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  Reduced oxidative damage in ALS by high-dose enteral melatonin treatment

Weishaupt, J. H., Bartels, C., Pölking, E., Dietrich, J., Rohde, G., Poeggeler, B., et al. (2006). Reduced oxidative damage in ALS by high-dose enteral melatonin treatment. Journal of Pineal Research, 41(4), 313-323. doi:10.1111/j.1600-079X.2006.00377.x.

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 Creators:
Weishaupt, Jochen H., Author
Bartels, Claudia1, Author           
Pölking, Esther, Author
Dietrich, Jeannine1, Author           
Rohde, Gundula, Author
Poeggeler, Burkhard, Author
Mertens, Nina1, Author           
Sperling, Swetlana1, Author           
Bohn, Matthias, Author
Hüther, Gerald, Author
Schneider, Armin, Author
Bach, Alfred, Author
Sirén, Anna-Leena1, Author           
Hardeland, Rüdiger, Author
Bähr, Mathias, Author
Nave, Klaus-Armin2, Author           
Ehrenreich, Hannelore1, Author           
Affiliations:
1Clinical neuroscience, Max Planck Institute of Experimental Medicine, Max Planck Society, ou_2173651              
2Neurogenetics, Max Planck Institute of Experimental Medicine, Max Planck Society, ou_2173664              

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Free keywords: amyotrophic lateral sclerosis; human safety study; melatonin; motoneurons; neuroprotection; reactive oxygen species; transgenic models AMYOTROPHIC-LATERAL-SCLEROSIS; GLUTAMATE TRANSPORTER EAAT2; MOTOR-NEURON DEGENERATION; TRANSGENIC MOUSE MODEL; SUPEROXIDE-DISMUTASE; VITAMIN-E; PROLONGS SURVIVAL; MODIFIED PROTEINS; NERVOUS-SYSTEM; CLINICAL-TRIAL
 Abstract: Amyotrophic lateral sclerosis (ALS) is the collective term for a fatal motoneuron disease of different etiologies, with oxidative stress as a common molecular denominator of disease progression. Melatonin is an amphiphilic molecule with a unique spectrum of antioxidative effects not conveyed by classical antioxidants. In preparation of a possible future clinical trial, we explored the potential of melatonin as neuroprotective compound and antioxidant in: (1) cultured motoneuronal cells (NSC-34), (2) a genetic mouse model of ALS (SOD1(G93A)-transgenic mice), and (3) a group of 31 patients with sporadic ALS. We found that melatonin attenuates glutamate-induced cell death of cultured motoneurons. In SOD1(G93A)-transgenic mice, high-dose oral melatonin delayed disease progression and extended survival. In a clinical safety study, chronic high-dose (300 mg/day) rectal melatonin was well tolerated during an observation period of up to 2 yr. Importantly, circulating serum protein carbonyls, which provide a surrogate marker for oxidative stress, were elevated in ALS patients, but were normalized to control values by melatonin treatment. This combination of preclinical effectiveness and proven safety in humans suggests that high-dose melatonin is suitable for clinical trials aimed at neuroprotection through antioxidation in ALS.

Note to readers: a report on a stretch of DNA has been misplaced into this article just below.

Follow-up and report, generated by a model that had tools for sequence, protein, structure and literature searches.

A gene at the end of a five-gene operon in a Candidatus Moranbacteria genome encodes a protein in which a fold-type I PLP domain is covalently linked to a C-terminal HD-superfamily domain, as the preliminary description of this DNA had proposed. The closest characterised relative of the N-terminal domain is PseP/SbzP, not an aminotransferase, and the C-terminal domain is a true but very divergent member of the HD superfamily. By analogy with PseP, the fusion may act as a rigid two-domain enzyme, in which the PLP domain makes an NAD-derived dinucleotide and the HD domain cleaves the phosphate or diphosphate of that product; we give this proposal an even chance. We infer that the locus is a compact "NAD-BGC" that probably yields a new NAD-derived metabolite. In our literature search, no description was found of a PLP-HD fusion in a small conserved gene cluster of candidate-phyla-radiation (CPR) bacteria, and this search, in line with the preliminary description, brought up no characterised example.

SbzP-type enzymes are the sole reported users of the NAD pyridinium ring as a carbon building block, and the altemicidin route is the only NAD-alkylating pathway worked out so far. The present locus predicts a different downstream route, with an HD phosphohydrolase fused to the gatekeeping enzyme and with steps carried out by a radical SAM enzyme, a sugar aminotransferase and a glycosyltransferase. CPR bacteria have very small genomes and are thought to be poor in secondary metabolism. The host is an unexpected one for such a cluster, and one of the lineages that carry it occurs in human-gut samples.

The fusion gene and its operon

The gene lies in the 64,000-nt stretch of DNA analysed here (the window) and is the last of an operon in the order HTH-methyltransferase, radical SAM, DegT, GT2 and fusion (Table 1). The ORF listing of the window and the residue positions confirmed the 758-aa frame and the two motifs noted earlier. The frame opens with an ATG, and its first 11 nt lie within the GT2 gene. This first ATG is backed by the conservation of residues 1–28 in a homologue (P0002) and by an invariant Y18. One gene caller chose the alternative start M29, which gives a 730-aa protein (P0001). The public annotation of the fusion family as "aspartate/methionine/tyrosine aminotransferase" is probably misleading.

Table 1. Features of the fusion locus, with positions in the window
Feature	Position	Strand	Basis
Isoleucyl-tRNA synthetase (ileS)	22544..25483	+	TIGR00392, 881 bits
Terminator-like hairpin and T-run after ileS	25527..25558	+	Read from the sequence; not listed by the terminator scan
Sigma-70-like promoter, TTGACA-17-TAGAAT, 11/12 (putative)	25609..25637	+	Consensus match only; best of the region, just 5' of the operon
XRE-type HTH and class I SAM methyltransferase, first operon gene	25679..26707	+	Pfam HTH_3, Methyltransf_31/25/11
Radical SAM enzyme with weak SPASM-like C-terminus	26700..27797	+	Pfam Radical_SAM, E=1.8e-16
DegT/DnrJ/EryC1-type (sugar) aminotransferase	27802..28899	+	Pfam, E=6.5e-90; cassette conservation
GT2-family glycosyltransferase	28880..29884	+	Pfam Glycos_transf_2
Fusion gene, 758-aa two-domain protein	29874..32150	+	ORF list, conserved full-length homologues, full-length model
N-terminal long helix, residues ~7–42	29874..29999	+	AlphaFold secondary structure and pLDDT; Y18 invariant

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Language(s): eng - English
 Dates: 2006-11
 Publication Status: Published in print
 Pages: -
 Publishing info: -
 Table of Contents: -
 Rev. Type: Peer
 Identifiers: eDoc: 292143
ISI: 000240921200003
ISI: 000240921200003
DOI: 10.1111/j.1600-079X.2006.00377.x
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Title: Journal of Pineal Research
  Alternative Title : J Pineal Res
Source Genre: Journal
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Pages: - Volume / Issue: 41 (4) Sequence Number: - Start / End Page: 313 - 323 Identifier: ISSN: 0742-3098